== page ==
By the time we make it back to the parking lot, I’m exhausted by the groaning of a teething baby, and hoping for some inkling as to how things are going to pan out. Bacara? No Bacara?
Still no word.
Until I hear this:
“Bruce wants to meet the baby.”
Bruce Weber is an old-salt who wears a black bandana and still shoots on a medium format film camera. The man has taken some of the most famous fashion photographs—of the guys and girls you know by first name basis: Kate, Johnny, Brad, and that 2008 supermodel sleepover photo you’ve seen disseminated across Tumblr and Instagram with a million repins.
He takes the kind of photographs you can look at time and again, and always find something new—as is often the case with good works of art. He takes the kind of photographs you dream of being in, because he, in many cases, gets life out of the way and into the photo.
He’s not someone you say “No, thanks” to.
So I marched my perspiring self over to the tent. No makeup. No expectations. In ripped Hudson jeans, camo-Nike sneakers that make my feet look huge, and a ten-year-old Forever 21 tee so thrashed that tattoo #2 (the one my parents still don’t know about) is visible.
I stick my hand out, introduce myself, and take a seat, less excited to meet Bruce and more thankful that my baby is the gateway to a place to rest.
PR folks, a gaggle of female models, the Art Director and a few other women swoon, as women are wont to do when in proximity of a chubby-cheeked, rosy-hued baby.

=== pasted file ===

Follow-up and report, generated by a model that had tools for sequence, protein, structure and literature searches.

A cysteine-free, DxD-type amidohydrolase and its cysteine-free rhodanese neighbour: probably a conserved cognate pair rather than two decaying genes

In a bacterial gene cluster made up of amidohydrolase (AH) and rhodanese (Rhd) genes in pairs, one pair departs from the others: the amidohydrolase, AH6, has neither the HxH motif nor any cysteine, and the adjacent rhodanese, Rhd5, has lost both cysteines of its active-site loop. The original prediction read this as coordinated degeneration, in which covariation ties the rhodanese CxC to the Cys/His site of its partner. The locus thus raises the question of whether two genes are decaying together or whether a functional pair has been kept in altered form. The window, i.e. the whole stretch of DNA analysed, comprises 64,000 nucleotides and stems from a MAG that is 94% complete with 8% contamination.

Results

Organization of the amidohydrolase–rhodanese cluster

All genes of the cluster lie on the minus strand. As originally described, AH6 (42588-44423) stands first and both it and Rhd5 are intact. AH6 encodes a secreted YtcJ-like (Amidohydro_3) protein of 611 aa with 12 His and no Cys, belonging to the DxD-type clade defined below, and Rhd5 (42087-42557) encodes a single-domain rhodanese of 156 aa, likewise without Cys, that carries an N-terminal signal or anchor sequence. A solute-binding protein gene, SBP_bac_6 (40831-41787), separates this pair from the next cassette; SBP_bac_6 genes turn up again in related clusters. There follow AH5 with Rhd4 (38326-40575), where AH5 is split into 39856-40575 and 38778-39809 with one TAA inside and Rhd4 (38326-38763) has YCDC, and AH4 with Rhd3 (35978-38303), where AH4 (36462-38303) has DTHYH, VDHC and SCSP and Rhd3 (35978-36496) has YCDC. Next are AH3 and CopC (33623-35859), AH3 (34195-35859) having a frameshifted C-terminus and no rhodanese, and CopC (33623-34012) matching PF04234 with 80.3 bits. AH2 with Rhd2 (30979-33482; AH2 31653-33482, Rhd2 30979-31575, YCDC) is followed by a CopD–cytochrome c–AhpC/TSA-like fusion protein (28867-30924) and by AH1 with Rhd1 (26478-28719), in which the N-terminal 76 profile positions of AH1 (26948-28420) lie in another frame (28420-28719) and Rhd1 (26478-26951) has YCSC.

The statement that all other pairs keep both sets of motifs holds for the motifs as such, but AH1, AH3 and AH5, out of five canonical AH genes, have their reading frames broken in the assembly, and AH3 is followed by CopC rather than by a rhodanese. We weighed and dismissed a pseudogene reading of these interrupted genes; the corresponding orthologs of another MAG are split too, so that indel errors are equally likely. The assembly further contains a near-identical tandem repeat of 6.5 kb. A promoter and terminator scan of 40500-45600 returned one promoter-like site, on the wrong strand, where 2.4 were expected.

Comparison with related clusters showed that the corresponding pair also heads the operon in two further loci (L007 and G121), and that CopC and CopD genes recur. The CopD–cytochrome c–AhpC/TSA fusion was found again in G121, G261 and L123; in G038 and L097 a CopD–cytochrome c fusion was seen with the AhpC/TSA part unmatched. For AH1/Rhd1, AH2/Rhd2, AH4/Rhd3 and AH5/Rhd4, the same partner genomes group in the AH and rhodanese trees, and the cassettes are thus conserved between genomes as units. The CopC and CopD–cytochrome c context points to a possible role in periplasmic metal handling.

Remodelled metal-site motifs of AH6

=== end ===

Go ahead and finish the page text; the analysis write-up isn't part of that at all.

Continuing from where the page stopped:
But Bruce doesn’t swoon. He simply turns to his assistant and asks, “Do we have any black and white with us?”
With that, one young man goes off in search of film and a whole team of assistants appears—someone with a bounce, another with multiple cameras, and a guy with a light meter. And before I know it, it’s me, baby, daddy, and Bruce Weber in a parking lot by the Pacific taking our very first family portrait.
As Bruce offers suggestions (kiss her toes, watch your nose, turn toward me) and clicks away, I lose all sense of self-consciousness, the sticky state of my face, my general disrepair and often consuming fear of the camera. I feel loose and carefree.
Bruce has somehow propelled me back into my youth in order to capture the vibrancy of my present. And though the photos won’t be perfect, and they won’t be loved by the world, I can only hope I look as real and alive as 20-year-old Leo.
It’s only later, back at the Bacara, that I realize I haven’t shaved my armpits in three days.
Photos courtesy of Bruce Weber